is now a guitar teacher. After he left Chevy he played in Atomic Rooster, The Mudsliders (with Ted Duggan) and he was co-operating with B. Lea Bradford and Naked Blues. He was also short listed to replace Micky Moody in Whitesnake. From 2004 he played in Coventry based rock group Iron Horse and in 2009 teamed up with Ted Duggan and Bob Poole to form the three-piece power rock band The Motorvators.
Ted Duggan -
has been playing with different groups including Two Tone Collective, Badfinger and The MudslidersBad Finger, Desmond Decker, Pauline Black, Rankin Roger and for seven years he was working with popular modern dance music performer Banco da Gaia. From 2004 he was playing with Coventry group Iron Horse (with Barry Eardley) until in 2009 he formed the rock power trio The Motorvators with Baz Eardley and Bob Poole.
Bob Poole -
After being short listed to play bass with Gary Moore and a short involvement with Billy Rankin of Nazareth fame he lived in Germany until 2009 where He played bass with the Whitesnake and Deep Purple cover band Snakebite, sang and played bass with the rock band Shark Sandwich, guitar and vocals with the acoustic duo Back To Back, played lead guitar and sang with the acoustic group Side by Side, Bass guitar and vocals with the country/Irish American folk group Country Balls and put together an acoustic solo show that has taken him around the world. He has also written songs and produced records for various German groups. Bob Poole is now back in the UK where he is playing bass and singing with Baz and Ted in the Motorvators as well as pursuing his solo career.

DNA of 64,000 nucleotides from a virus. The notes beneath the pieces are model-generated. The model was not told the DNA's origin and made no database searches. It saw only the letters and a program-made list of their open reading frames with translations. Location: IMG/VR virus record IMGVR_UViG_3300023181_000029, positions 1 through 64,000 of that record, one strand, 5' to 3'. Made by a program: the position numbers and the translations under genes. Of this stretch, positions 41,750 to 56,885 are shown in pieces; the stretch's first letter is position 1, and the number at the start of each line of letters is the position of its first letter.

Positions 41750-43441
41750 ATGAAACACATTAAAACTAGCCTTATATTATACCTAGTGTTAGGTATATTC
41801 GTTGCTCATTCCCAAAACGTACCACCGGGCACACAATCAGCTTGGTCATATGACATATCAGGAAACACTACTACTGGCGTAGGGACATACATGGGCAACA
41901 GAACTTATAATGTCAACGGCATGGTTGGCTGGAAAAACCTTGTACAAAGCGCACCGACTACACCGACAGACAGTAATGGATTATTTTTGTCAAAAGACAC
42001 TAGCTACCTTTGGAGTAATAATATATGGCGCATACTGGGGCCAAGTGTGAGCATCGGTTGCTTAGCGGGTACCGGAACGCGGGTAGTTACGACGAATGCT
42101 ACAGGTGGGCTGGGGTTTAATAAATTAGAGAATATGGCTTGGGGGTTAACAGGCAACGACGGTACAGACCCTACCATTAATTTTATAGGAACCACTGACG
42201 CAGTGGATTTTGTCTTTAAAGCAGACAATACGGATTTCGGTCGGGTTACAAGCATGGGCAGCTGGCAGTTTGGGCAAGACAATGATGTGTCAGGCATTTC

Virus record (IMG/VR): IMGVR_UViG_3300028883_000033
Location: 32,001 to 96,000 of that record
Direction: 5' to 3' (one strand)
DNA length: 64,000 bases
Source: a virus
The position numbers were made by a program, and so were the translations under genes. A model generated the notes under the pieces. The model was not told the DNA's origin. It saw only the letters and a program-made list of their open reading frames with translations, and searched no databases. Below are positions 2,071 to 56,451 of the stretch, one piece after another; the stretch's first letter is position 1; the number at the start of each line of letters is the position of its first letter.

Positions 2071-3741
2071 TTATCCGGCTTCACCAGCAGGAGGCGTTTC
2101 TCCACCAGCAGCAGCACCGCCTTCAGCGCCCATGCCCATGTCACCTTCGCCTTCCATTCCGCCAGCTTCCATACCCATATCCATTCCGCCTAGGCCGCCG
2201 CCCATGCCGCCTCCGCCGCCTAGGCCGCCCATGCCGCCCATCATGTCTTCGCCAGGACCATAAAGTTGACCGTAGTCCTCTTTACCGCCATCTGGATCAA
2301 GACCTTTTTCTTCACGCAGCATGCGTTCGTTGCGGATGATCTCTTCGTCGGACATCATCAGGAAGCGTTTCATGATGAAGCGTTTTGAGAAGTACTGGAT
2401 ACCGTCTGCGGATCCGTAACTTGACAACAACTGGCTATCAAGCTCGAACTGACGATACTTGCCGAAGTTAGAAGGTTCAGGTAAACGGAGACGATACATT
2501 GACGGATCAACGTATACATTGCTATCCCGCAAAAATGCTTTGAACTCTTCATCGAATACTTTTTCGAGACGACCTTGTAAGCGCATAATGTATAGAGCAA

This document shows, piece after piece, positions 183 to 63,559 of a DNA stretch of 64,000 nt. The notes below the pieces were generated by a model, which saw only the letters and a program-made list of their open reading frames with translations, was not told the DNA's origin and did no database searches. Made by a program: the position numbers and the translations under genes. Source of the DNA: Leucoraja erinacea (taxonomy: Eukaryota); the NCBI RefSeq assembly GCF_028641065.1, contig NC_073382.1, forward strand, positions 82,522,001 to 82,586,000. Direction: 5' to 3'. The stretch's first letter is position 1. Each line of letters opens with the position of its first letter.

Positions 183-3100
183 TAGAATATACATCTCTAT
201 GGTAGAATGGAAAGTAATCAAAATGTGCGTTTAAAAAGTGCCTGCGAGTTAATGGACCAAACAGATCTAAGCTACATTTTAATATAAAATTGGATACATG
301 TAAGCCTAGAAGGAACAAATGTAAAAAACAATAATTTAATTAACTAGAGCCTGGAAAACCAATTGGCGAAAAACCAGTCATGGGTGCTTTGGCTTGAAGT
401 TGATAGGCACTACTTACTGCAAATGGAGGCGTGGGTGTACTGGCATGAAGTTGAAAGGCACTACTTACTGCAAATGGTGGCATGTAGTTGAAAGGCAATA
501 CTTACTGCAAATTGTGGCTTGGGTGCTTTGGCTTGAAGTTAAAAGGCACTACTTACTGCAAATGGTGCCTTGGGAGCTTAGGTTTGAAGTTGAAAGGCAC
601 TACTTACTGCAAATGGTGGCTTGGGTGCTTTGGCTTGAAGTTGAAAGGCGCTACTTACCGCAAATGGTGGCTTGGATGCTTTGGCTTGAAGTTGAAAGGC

I suppose for me it all started in 1965 when my family moved from a small village in Gloucestershire to Leamington Spa in the Midlands of England. Leaving school at 15 years of age, I went to work in local shops and Hotels changing jobs frequently as, from the age of 13, I had already decided that my future lay in making music. My first guitar was a plastic 4 string thing with a picture of Elvis on the head. A year later my Grandfather, who was himself an ex professional entertainer and singer, bought me a Broadway 3 pickup electric guitar with an action about 3 inches above the fret board. I would plug this into my Dansette record player and piss off the neighbours, my family and surrounding wild life banging out tunes on single strings (didn’t know what a chord was). When we arrived in Leamington Spa I met up with a guy called Rick Purcell who had an electric guitar and long hair. He showed me what a chord was and off we went. Formed our first group “Blues Condition” and tried to play the blues.